Return to Program Profiles Alma College

The CIC/Walmart College Success Award provided the opportunity for Alma College to launch the First Generation Connections (FGC) program to enhance its existing framework for supporting student success. Through both peer and faculty mentoring, the program supported first-generation students as they transitioned academically and socially to campus life. The program educated students about the options and resources available to them and helped them develop their own individual plans.
 
Mentors helped students examine opportunities and select activities that met their needs, such as seeking academic support services, asking professors for help, participating in group study, or attending career events. Strategies included one-on-one, small group, and cohort meetings. Twenty-eight first-generation students entered the program during the first year of the grant and worked with eight faculty mentors and eight peer mentors (most were first-generation students themselves). Thirty-eight students were recruited during the second year of the grant along with 19 returning students.
 
Based on feedback from students, social activities were planned for the entire group during year two. Some of the successful events included pizza parties, cookie decorating, a faculty match dinner, pumpkin carving, and movie night. These events helped students develop closer relationships with faculty and peer mentors as well as fellow first-generation students—something that was considered vitally important for student success.
 
Also in the second year, the program developed an even greater focus on peer mentors and student relationships. The program had 13 peer mentors and nine faculty members for year two. To broaden the support students received with their career exploration, peer mentors were trained to assist with resume development and alumni networking. Another priority during the second year was to make a shift in student thinking so that students would acknowledge and embrace their first-generation identity.
 
The FGC program staff sent a newsletter to parents describing college resources. Presentations also were offered to parents to highlight resources and help them understand what their children were experiencing.


Program Outcomes

A key goal of the FGC program was increased retention. The retention rate of all first-year students who entered in 2009 and returned for their sophomore year was 79 percent, and the retention rate for those students returning for their junior year was 71 percent. In comparison, the retention rate of first-year, first-generation students who returned for their sophomore year was 69 percent; the retention rate for those students returning for their junior year was 55 percent. Once the FGC program began, retention of the first-generation students who participated in the program improved. For the entering class of 2010 (the first year of the program), the retention rate of FGC program students who returned for their sophomore year was 79 percent, and the rate for those who returned for their junior year was 72 percent. In comparison, the retention rates of all students who returned for their sophomore and junior years were 81 percent and 79 percent, respectively. For the entering class of 2011 (the second year of FGC), 81 percent of program participants returned for their sophomore year. This compares to all students who were retained at 81 percent.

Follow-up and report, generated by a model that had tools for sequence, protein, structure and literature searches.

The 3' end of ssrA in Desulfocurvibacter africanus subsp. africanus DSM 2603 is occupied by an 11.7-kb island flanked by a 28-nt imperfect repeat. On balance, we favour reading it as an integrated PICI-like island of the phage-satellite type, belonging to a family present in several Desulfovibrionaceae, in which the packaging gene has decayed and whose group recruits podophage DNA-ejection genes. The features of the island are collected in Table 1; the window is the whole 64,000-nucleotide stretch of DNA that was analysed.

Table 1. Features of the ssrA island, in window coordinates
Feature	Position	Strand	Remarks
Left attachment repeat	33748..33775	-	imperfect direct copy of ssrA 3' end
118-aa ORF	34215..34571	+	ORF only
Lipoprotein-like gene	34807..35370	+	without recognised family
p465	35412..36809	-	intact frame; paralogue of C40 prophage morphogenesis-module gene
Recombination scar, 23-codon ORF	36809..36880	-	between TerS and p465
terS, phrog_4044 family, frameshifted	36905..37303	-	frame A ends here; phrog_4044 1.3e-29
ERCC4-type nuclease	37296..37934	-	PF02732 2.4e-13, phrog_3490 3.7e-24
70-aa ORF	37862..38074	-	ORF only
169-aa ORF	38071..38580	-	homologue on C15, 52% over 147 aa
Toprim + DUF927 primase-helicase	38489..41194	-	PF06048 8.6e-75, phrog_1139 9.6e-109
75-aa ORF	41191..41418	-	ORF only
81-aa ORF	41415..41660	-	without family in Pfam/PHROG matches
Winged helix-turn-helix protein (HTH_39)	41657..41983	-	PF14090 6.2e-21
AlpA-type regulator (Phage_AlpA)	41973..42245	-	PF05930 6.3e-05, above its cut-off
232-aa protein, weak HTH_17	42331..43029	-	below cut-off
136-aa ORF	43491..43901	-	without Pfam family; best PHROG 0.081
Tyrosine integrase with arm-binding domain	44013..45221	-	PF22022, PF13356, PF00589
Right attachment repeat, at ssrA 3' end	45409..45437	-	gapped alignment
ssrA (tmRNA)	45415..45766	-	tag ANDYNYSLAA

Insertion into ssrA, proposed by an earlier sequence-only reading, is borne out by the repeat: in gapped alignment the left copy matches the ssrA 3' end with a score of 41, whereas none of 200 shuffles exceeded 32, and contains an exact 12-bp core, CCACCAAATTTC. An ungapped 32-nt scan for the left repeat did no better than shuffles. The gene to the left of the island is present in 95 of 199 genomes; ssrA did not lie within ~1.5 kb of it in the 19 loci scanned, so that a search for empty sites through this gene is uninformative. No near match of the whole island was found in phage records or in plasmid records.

Another key goal was improved academic performance. The FGC program was successful in closing the historic GPA gap between first-generation students’ academic performance and that of the general population. For example, for the class that entered in 2010, FGC program participants averaged a 2.92 GPA at the end of the fall term and a 2.94 GPA for the entire 2010–2011 academic year. These rates were comparable to the averages for all first-year students for that year, which were 2.91 (fall term) and 2.96 (academic year).  In 2011–2012, the program participants had a 3.09 GPA at the end of fall term and 2.93 for the academic year, while the general first-year population had averages of 3.06 and 2.91, respectively.
 
Improved career awareness was another outcome of the peer and alumni mentoring effort that was part of the program. A variety of activities provided many new experiences for participants and increased their social and cultural capital.


Program Update

Alma’s program will continue with new grant support and will be refined based on lessons learned from the grant. In addition, two full-time administrators will oversee the program. One will support students as they navigate the financial implications of college, and the other will be an associate vice president who has the responsibility of broadening access for students who are first-generation, low-income, and of diverse backgrounds. In 2011, the state of Michigan gave a $700,000 grant to Alma College to support its work with underprivileged and first-generation students. The King-Chavez-Parks Select Student Support Services Grant is designed to guide students toward a career. It also aims to connect the students with faculty, staff, and returning students from similar backgrounds.